Armstrong doctor: ‘We need to get better tests’

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After years of denials, Lance Armstrong has reportedly admitted he used performance-enhancing drugs at times during his seven Tour de France wins.

The disgraced cyclist made the confession during a two-and-a-half hour interview with Oprah Winfrey, which is set to air Thursday.

 She described him as “thoughtful” and “serious” but said he “did not come clean in the manner to which I expected.”

Armstrong also reportedly “tearfully” apologized to Livestrong, the cancer organization that he helped found before the meeting. He then admitted to participating in the illegal activity to Winfrey.

I TESTED HIM MYSELF

“Lance Armstrong does bring out a lot of points and discussion,” Dr. Don Catlin, International Olympic Committee (IOC) medical commissioner and retired professor at UCLA, told Metro World News. “The reality is Lance had advisors that were able to keep him from getting positive tests. It’s confirmed he’s had 200 or 300 tests and never had a positive one.”

“That bothers me because I probably did 100 of them myself,” Catlin added. “We need to get better tests. Everything that Lance is doing, anyone else can do today and get away with it.”

The World Anti-Doping Agency (WADA) Director General David Howman iterated to Metro World News that Armstrong’s soon-to-be televised confession won’t change their decision to ban him from the sport.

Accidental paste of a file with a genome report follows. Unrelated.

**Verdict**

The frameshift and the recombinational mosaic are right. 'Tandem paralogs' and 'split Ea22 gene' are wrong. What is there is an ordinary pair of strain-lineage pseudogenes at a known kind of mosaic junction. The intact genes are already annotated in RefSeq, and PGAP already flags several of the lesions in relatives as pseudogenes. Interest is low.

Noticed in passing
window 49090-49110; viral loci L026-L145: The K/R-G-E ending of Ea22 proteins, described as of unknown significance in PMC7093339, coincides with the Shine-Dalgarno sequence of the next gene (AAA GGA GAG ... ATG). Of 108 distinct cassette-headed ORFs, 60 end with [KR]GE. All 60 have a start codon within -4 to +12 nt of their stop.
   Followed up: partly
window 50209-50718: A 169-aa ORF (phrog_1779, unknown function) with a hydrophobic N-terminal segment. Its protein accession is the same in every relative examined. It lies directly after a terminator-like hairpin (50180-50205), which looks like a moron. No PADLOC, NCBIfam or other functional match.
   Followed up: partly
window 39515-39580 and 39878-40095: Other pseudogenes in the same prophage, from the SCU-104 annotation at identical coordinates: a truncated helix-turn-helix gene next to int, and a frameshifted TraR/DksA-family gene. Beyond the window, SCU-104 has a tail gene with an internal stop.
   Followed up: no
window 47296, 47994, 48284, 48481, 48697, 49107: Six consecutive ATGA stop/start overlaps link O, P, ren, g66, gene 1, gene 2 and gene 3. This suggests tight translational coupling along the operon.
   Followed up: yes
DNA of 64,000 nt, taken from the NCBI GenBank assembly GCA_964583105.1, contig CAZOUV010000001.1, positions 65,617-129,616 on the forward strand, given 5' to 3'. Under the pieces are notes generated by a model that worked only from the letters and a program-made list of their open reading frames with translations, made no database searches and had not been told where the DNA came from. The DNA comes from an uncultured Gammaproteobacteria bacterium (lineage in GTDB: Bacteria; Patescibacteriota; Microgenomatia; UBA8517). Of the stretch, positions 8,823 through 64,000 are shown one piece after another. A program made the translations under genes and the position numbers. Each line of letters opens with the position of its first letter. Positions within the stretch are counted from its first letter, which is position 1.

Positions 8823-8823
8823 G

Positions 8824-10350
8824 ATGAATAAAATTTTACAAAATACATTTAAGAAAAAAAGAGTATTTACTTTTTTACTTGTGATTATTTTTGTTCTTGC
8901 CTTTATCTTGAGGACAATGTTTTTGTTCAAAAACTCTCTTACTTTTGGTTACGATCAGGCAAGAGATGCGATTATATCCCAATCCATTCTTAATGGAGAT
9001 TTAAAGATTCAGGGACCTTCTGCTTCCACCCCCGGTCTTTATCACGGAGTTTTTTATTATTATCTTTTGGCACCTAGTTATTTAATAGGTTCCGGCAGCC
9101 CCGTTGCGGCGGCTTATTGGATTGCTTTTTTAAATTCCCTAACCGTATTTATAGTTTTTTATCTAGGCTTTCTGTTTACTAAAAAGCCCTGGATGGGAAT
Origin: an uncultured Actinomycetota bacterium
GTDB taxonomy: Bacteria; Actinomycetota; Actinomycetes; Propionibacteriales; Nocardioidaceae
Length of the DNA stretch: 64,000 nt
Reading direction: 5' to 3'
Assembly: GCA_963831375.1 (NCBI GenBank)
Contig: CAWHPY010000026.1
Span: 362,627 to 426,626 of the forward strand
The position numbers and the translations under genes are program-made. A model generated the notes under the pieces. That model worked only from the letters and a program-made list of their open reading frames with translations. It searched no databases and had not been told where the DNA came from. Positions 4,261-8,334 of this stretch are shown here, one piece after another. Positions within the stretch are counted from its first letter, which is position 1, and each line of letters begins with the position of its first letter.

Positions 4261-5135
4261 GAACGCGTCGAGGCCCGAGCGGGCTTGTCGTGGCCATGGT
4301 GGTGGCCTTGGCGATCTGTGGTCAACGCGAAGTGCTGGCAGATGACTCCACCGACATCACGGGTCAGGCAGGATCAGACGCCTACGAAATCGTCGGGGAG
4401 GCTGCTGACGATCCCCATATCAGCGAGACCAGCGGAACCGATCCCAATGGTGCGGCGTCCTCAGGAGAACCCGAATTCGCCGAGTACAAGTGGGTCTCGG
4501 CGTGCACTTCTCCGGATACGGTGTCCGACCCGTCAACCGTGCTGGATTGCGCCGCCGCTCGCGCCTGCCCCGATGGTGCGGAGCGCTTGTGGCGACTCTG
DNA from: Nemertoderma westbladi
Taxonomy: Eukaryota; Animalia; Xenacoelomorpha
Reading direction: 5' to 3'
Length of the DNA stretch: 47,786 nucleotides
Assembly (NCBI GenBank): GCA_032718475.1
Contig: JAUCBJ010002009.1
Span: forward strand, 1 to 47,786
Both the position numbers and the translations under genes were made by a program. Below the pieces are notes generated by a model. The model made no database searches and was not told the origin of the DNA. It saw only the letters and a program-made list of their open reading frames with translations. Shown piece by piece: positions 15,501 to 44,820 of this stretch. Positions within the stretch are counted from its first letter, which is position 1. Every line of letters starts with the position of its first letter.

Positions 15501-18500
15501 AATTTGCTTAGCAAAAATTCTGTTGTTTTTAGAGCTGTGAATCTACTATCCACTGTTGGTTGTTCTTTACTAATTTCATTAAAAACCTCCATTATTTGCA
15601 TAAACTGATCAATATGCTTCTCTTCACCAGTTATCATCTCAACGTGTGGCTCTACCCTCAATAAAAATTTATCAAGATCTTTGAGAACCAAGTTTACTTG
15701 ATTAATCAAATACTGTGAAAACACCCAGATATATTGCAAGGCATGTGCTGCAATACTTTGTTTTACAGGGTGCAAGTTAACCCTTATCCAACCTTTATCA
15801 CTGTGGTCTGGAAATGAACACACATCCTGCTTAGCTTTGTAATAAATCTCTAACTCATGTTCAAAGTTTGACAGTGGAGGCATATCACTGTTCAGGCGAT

“Whatever he’s got to say (during the interview), the lifetime ban against him is not going to be changed at all,” Howman said. “It’s not going to be changed by what he says to a talk show host.”

NOT IN THE SPIRIT

Catlin, who founded many of the modern drug tests used in sporting today, explained when cyclists admit to “blood doping,” it actually means they used substances that increase the amount of blood in the system. This can be done in various ways including using a substance called EPO (Erythropoietin) or transfusing extra blood either from themselves or other people into the athlete. The goal is to increase the number of red blood cells, which in turn ups the amount of oxygen the blood can carry.

“(EPO) turns on the bone marrow, and gets the bone marrow making more blood cells,” Catlin explained. “Red cells are very important to athletes because they carry oxygen. They are very vital to their performance.”

Other illegal drugs athletes might take include testosterone and stimulants. Testosterone can enhance performance as well, while stimulants are known to improve athletic performance.

In addition, using these drugs in any sport brings up an ethical question, Howman pointed out.

“By blood doping do I get an advantage — that’s to say a chemical advantage over my competition?” Howman said. “That’s not in the spirit of sport.”



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